Marcellina (Gnostic)

Marcellina was an early Christian Carpocratian religious leader in the mid-second century AD known primarily from the writings of Irenaeus and Origen. She originated in Alexandria, but moved to Rome during the episcopate of Anicetus (c. 157 – 168). She attracted large numbers of followers and founded the Carpocratian sect of Marcellians. Like other Carpocratians, Marcellina and her followers believed in antinomianism, also known as libertinism, the idea that obedience to laws and regulations is unnecessary in order to attain salvation. They believed that Jesus was only a man, but saw him as a model to be emulated, albeit one which a believer was capable of surpassing. Marcellina's community appears to have sought to literally implement the foundational Carpocratian teaching of social egalitarianism. The Marcellians in particular are reported to have branded their disciples on the insides of their right earlobes and venerated images of Jesus as well as Greek philosophers such as Pythagoras, Plato, and Aristotle. Although the Marcellians identified themselves as "gnostics", many modern scholars do not classify them as members of the sect of Gnosticism.

Historical context

Fresco from the nave of the Dura-Europos church, dating to c. 240 AD, depicting Mary Magdalene alongside two other women (the third now almost completely missing due to extensive damage) approaching the empty tomb of Jesus. Such women were the "explicit models" for Marcellina and other early female preachers.

Women played prominent roles in many early Christians sects as prophets, teachers, healers, missionaries, and presbyters. Mary Magdalene and Mary of Bethany were female followers of Jesus who are mentioned in the gospels and were believed to know the "mysteries" of the kingdom of God. Women like Mary and Martha were the explicit role models for Marcellina and her fellow female preachers. A creed that may have been recited at Christian initiation ceremonies is quoted by the apostle Paul in Galatians 3:28: "There is neither Jew nor Greek, there is neither bond nor free, there is neither male nor female: for ye are all one in Christ Jesus." In the late first century, Marcion of Sinope (c. 85 – c. 160) appointed women as presbyters on an equal basis as men.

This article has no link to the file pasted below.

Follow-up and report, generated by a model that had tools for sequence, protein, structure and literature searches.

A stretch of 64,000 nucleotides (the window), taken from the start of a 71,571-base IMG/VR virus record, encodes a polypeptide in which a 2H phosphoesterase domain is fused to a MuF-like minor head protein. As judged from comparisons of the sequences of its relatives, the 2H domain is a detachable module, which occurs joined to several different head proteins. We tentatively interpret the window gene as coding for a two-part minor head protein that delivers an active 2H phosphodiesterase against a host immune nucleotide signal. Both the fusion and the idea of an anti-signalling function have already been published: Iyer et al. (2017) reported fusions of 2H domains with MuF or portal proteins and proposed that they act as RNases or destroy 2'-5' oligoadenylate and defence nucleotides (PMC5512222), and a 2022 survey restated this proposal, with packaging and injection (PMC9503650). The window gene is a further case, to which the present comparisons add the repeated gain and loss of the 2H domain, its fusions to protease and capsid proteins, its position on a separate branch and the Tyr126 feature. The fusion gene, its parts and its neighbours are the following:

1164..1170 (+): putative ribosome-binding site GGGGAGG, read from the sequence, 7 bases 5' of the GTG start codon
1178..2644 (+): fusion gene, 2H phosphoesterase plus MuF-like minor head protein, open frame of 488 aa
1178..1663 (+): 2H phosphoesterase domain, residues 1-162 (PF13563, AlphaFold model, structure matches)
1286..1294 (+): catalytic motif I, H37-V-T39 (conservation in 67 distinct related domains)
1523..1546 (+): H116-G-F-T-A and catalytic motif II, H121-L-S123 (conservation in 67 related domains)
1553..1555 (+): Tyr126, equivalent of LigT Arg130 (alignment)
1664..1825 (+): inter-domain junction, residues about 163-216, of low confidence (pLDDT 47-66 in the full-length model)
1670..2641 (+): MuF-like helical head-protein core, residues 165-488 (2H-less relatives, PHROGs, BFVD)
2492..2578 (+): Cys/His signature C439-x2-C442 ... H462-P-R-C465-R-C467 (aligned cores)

In the second century, the Valentinians, a Gnostic sect, regarded women as equal to men. The Montanists regarded two prophetesses, Maximilla and Prisca, as the founders of their movement. Female religious leaders like Marcellina were not favored by orthodox theologians, who accused them of madness, unchastity, and demonic possession. The Church Father Tertullian (c. 155 – c. 240) complained: "These heretical women—how audacious they are! They have no modesty; they are bold enough to teach, to engage in argument, to enact exorcisms, to undertake cures, and, it may be, even to baptize!" He denounced one female religious leader in North Africa as "that viper".

Life and teachings

Carpocratian teachings

As a Carpocratian, Marcellina taught the doctrine of antinomianism, or libertinism, which holds that only faith and love are necessary to attain salvation and that all other perceived requirements, especially obedience to laws and regulations, are unnecessary. She, like other Carpocratians, believed that the soul must follow the path to redemption, possibly going through many incarnations. The goal of the believer is the escape from the cycle of reincarnation by ascending through several stages of deification. The Carpocratians believed that Jesus was only human, not divine, and saw him as an exemplary model to be followed, but an example which a particularly devout believer was capable of surpassing. Jesus's prime virtue was that he could perfectly remember the Divine from his pre-existence. They also venerated Greek philosophers as models to be emulated as well. The Marcellians' syncretic cult of images was a natural consequence of this teaching. One of the foundational teachings of the Carpocratians was the idea of social egalitarianism, which advocated equality for all people. Marcellina's position as the leader of the Carpocratian community in Rome indicates that, for her community at least, this was an idea which was meant to be literally implemented. Some Carpocratians, possibly including Marcellina, held all property in common and shared sexual partners. They also celebrated a form of agape feast.